Plyometric training has become an increasingly popular form of exercise in recent years, because of its ability to drastically improve the strength and endurance of all major muscle groups in the body.
But what is plyometric training, exactly? Is it anaerobic or aerobic exercise? In this article, we’ll go over what plyometrics are, how they can help you burn fat and build muscle, and whether or not plyometric exercises are anaerobic or aerobic exercises.
Is Plyometric an Anaerobic Exercise?
If you’re familiar with basic biology, you probably already know that what your body does during exercise falls into one of two categories: aerobic or anaerobic (anaerobic refers to without oxygen). That being said, there is some misinformation out there regarding plyometrics and how they impact your body.
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To answer whether plyometrics are anaerobic or aerobic exercises, let’s first take a look at exactly what plyometrics are.
Plyometrics is a form of exercise that involves rapid stretching and contraction of muscles. It’s used by athletes to improve speed, agility, and power. A big misconception regarding plyometrics is that they are primarily aerobic exercises.
In reality, plyometrics targets both your aerobic and anaerobic systems – similar to high-intensity interval training (HIIT). Because of their explosive nature, however, plyometric workouts are typically considered more anaerobic than HIIT.
The truth is that plyometrics are anaerobic exercises because they require your body to produce a large amount of force in a short period of time. Whether you’re doing burpees, box jumps, or sprints, each activity will make your heart race and get you breathing heavily.
And while these workouts can be helpful for burning fat and building muscle (both aerobic benefits), their explosive nature makes them primarily anaerobic exercises.
To further understand why plyometrics are anaerobic exercises, let’s take a look at what happens when you do them.
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When you perform a plyometric workout (say box jumps), your muscles are forced to produce both short and long-term energy – creating what we know as the anaerobic lactic acid buildup. This buildup increases your heart rate and breathing rate, which is why you may be getting more winded with each jump or burpee.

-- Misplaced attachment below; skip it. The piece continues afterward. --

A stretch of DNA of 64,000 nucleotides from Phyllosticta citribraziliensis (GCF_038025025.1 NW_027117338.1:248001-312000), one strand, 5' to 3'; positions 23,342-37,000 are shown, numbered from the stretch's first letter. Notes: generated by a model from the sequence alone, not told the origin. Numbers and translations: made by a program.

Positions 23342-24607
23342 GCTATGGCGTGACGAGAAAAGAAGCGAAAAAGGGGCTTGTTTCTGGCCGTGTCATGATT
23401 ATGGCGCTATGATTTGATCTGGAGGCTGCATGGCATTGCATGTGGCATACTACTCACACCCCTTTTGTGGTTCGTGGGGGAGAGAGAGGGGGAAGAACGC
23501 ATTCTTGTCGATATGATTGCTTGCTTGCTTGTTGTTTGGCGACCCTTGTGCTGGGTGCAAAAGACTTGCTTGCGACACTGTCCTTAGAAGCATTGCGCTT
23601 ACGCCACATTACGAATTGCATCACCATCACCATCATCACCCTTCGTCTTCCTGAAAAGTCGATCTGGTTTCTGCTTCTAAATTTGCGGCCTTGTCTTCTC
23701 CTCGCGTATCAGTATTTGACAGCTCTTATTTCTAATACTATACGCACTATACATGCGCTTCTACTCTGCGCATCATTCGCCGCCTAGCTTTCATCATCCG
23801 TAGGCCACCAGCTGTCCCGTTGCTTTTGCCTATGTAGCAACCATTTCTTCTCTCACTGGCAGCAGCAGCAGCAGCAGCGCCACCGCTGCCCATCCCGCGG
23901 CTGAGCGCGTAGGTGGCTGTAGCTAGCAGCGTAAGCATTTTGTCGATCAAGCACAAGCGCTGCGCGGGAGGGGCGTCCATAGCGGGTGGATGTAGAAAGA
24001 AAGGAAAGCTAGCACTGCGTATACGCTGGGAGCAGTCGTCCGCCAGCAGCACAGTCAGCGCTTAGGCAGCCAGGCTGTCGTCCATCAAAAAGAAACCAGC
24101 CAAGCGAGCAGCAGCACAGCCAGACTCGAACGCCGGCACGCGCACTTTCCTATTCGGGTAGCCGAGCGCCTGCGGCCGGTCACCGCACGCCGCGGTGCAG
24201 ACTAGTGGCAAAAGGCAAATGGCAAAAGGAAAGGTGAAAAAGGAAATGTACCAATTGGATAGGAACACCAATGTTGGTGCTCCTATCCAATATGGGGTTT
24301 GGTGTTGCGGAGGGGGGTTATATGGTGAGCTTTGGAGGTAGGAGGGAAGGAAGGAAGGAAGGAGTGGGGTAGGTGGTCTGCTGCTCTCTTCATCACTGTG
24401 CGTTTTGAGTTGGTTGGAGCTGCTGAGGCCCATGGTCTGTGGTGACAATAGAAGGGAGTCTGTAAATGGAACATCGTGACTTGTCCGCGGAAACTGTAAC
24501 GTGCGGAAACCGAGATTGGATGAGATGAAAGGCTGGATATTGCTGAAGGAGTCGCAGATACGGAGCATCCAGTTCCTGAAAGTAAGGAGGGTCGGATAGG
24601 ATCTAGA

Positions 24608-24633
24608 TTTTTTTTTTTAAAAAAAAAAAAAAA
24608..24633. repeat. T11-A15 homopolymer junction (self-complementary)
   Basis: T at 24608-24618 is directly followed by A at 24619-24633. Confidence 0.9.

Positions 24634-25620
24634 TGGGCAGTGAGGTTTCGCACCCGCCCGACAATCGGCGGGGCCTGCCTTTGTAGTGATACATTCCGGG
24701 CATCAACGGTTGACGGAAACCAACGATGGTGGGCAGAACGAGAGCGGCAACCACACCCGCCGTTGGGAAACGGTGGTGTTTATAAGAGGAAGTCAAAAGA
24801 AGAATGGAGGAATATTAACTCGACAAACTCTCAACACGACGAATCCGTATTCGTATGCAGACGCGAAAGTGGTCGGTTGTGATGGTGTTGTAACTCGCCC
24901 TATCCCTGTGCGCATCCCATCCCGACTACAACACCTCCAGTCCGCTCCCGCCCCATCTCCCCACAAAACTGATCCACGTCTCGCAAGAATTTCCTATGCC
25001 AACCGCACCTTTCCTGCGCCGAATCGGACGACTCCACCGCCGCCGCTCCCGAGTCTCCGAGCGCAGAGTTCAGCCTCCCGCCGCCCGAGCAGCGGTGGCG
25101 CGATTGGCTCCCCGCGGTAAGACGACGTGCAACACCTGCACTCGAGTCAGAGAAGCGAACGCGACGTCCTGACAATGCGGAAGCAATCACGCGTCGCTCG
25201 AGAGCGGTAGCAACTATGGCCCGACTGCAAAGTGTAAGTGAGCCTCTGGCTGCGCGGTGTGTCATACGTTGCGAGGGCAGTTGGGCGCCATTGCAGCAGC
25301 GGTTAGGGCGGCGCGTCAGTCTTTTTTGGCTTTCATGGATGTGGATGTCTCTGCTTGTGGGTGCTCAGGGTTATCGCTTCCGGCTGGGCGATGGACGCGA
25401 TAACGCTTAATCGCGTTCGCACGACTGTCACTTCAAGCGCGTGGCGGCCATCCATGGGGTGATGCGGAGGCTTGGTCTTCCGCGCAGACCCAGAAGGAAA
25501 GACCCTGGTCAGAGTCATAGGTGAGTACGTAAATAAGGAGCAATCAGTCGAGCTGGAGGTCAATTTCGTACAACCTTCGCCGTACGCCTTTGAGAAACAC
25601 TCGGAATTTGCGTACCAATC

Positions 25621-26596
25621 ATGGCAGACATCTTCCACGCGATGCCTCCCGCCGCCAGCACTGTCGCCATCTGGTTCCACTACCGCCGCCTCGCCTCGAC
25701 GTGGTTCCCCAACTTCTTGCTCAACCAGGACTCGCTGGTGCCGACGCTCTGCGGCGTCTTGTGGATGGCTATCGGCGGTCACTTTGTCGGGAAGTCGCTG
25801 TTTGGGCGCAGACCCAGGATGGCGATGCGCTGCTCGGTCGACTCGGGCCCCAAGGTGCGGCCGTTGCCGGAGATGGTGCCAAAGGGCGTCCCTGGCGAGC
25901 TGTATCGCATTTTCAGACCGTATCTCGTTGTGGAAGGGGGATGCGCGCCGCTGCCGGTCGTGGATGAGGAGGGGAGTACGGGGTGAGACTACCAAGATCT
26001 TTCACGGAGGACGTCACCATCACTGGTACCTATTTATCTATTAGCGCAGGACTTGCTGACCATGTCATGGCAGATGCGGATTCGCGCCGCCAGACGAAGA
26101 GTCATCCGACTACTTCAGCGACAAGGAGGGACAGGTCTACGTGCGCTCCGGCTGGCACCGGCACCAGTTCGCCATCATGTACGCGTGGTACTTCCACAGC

Why is plyometric anaerobic?
Because plyometric movements recruit so many fast-twitch muscle fibers, they require tremendous amounts of energy, aka adenosine triphosphate (ATP), to execute. In fact, since these types of exercises can be done quickly and in rapid succession with little to no rest in between, they’re anaerobic.
Types of plyometric anaerobic exercises
There are 4 main types of plyometric anaerobic exercises:
1. Depth jumps
2. High-intensity shuttle runs
3. Box jumps
4. Drop jumps
While all four exercises hit your central nervous system (CNS) hard and allow you to build explosive power, there are some important differences between them. Let’s take a look at each of these in more detail.
1. Depth jumps
Depth jumps are a great plyometric exercise for building power in your legs. To perform them, you’ll need to find a platform that’s about knee-high. Stand on top of it and then drop down off it as quickly as possible. As soon as you hit the ground, jump back up onto it again and repeat.
2. High-intensity shuttle runs:
The shuttle run is a fun plyometric exercise that improves your ability to change direction quickly. For best results, set up two cones about 5 yards apart. Start in between them and then run as fast as you can from one cone to another over and over again for 10 seconds at a time.
3. Box jumps
To perform a box jump, you’ll need to stand on top of a raised platform, such as a bench or high box. Be sure it’s sturdy and strong enough to hold your weight. Start with your feet shoulder-width apart on top of it. Then leap down off it, quickly landing in a squat position and immediately jumping up again. Don’t forget to bring your hands above your head when you jump so that you can hit peak height more easily!
4. Drop jumps
A drop jump is similar to a box jump, except that you don’t have anything to stand on. Instead, you’ll need to find a platform about knee-high and then start from ground level. As with a box jump, make sure it’s sturdy enough to support your weight before starting each set. This time, however, you should approach it from one side.
Benefits of plyometric anaerobic exercises
- Plyometric anaerobic exercises offer many benefits that can improve exercise performance, including increased strength and power, increased explosiveness, and improved speed and agility.
- They are also a great way to increase cardiorespiratory fitness and endurance.
- Plyometric anaerobic exercises are safe for most people to perform, even those with pre-existing medical conditions or injuries.
- They can be performed virtually anywhere, making them a great option for athletes of all levels.
- Finally, plyometric anaerobic exercises are highly effective in improving overall conditioning and fitness level.
In conclusion, plyometric anaerobic exercises are a great way to improve your speed, power, and agility. There are many different types of plyometric anaerobic exercises that you can do, so find one that fits your needs and start seeing results!